Crypto billionaire’s firm is all things to bankrupt Voyager

NEW YORK (BLOOMBERG) – The bankruptcy filing by crypto broker Voyager Digital provides a road map of the company’s relationships, including borrowers, lenders and investors.

It turns out Alameda Research, the trading firm co-founded by crypto billionaire Sam Bankman-Fried, is all three.

As a lender to Voyager, Alameda is owed US$75 million (S$105 million) under a credit line it offered to the troubled platform last month. But Alameda also owes Voyager US$376.8 million on a loan, the filing shows. Alameda is also one of Voyager’s largest shareholders, with a more than 9 per cent stake, according to data compiled by Bloomberg.

Alameda’s multiple roles exemplify its extensive influence in crypto, and helps explain why Mr Bankman-Fried is such a key player in the industry.

Mr Bankman-Fried founded the firm in 2017 to execute crypto arbitrage trades before moving on to run the now-giant crypto exchange FTX. The ties also underscore the interconnected nature of crypto firms, a feature that has accelerated losses across the industry during the market’s meltdown this year.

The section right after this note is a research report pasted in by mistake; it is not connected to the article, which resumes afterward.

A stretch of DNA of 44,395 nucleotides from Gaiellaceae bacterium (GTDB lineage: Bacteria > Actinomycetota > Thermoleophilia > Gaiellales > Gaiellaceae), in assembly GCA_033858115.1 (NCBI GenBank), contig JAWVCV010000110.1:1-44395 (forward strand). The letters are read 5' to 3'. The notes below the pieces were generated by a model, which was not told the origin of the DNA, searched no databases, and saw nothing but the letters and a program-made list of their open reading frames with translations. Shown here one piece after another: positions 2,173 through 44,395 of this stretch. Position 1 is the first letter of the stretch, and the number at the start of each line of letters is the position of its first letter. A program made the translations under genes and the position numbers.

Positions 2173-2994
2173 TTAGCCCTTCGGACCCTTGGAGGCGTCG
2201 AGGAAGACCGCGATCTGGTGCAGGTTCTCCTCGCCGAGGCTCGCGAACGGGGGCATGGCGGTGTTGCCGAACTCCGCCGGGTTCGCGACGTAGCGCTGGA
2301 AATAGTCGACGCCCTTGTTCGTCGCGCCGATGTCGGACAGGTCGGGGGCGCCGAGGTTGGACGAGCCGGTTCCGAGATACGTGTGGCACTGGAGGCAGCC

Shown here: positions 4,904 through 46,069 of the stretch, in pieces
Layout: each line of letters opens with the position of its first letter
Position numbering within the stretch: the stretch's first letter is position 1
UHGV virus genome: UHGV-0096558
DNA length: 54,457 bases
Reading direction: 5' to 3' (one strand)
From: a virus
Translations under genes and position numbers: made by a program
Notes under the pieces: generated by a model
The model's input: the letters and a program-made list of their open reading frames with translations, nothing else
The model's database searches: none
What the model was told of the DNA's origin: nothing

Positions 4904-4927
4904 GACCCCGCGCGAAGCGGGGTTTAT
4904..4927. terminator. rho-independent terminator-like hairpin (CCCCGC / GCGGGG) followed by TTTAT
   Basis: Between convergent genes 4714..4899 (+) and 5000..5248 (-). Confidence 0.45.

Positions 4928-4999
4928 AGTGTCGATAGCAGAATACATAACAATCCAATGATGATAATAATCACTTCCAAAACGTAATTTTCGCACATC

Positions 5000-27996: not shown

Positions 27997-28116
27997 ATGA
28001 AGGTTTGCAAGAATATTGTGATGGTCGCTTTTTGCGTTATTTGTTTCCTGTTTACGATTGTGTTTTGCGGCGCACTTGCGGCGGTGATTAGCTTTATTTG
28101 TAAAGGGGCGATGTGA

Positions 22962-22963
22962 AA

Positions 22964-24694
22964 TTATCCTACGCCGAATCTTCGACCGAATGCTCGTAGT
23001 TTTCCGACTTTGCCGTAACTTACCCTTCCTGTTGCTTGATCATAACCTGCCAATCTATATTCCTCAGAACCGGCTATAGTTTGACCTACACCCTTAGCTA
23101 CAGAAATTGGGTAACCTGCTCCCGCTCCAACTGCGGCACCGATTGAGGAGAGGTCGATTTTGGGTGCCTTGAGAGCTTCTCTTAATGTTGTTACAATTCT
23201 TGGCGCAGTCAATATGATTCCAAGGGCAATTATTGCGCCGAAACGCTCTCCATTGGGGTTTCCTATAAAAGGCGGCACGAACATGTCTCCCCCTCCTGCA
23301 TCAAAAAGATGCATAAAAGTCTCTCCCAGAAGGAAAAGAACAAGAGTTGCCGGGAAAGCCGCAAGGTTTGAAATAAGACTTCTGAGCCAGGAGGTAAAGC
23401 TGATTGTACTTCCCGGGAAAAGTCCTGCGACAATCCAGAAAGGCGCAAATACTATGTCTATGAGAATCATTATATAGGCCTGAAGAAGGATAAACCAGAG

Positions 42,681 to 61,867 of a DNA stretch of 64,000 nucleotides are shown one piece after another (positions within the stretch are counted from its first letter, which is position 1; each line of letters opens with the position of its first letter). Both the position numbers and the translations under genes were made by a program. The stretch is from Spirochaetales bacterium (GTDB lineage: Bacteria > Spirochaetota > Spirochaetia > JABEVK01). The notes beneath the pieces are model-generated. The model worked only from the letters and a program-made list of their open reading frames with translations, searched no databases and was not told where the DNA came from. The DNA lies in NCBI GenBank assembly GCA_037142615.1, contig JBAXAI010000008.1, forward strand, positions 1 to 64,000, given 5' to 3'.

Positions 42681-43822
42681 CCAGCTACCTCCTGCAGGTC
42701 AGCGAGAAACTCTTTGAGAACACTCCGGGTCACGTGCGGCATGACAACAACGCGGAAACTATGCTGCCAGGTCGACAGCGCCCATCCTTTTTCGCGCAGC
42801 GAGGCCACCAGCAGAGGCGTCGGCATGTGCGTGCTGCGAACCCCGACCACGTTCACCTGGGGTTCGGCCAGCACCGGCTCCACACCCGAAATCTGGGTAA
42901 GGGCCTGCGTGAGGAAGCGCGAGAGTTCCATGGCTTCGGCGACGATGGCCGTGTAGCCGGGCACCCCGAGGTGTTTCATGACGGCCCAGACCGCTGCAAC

“There is a lot of incestuous activity among crypto-lending firms,” said Mr Aaron Brown, a crypto investor who writes for Bloomberg Opinion. “In traditional finance there is more public disclosure and regulatory oversight of these arrangements. There are mechanisms in place (not always effective) to manage conflicts of interest. But crypto is different.”

The multiple roles played by Alameda point to the extent of “recycled capital” in crypto, which masks the health of institutions in the space, said Georgetown University law professor Adam Levitin. “It is likely to lead to overly large exposures and exacerbates interconnectedness among institutions.”

As Voyager ran into potential liquidity problems stemming from Three Arrows, it secured a credit line worth about US$485 million from Alameda in mid-June, of which it has drawn US$75 million, the maximum amount allowed in any 30-day period.

The lifeline was only a partial solution that could not save Voyager, the filing says.

Meanwhile, as a borrower, Alameda is still on the hook to repay Voyager despite its bankruptcy proceedings.

These kinds of relationships can complicate disputes during time of stress.

CoinFlex, a crypto exchange, recently accused its own investor and client Roger Ver for failing to pay US$47 million in a margin call. Mr Ver denied the claim, and their dispute played out in public on social media.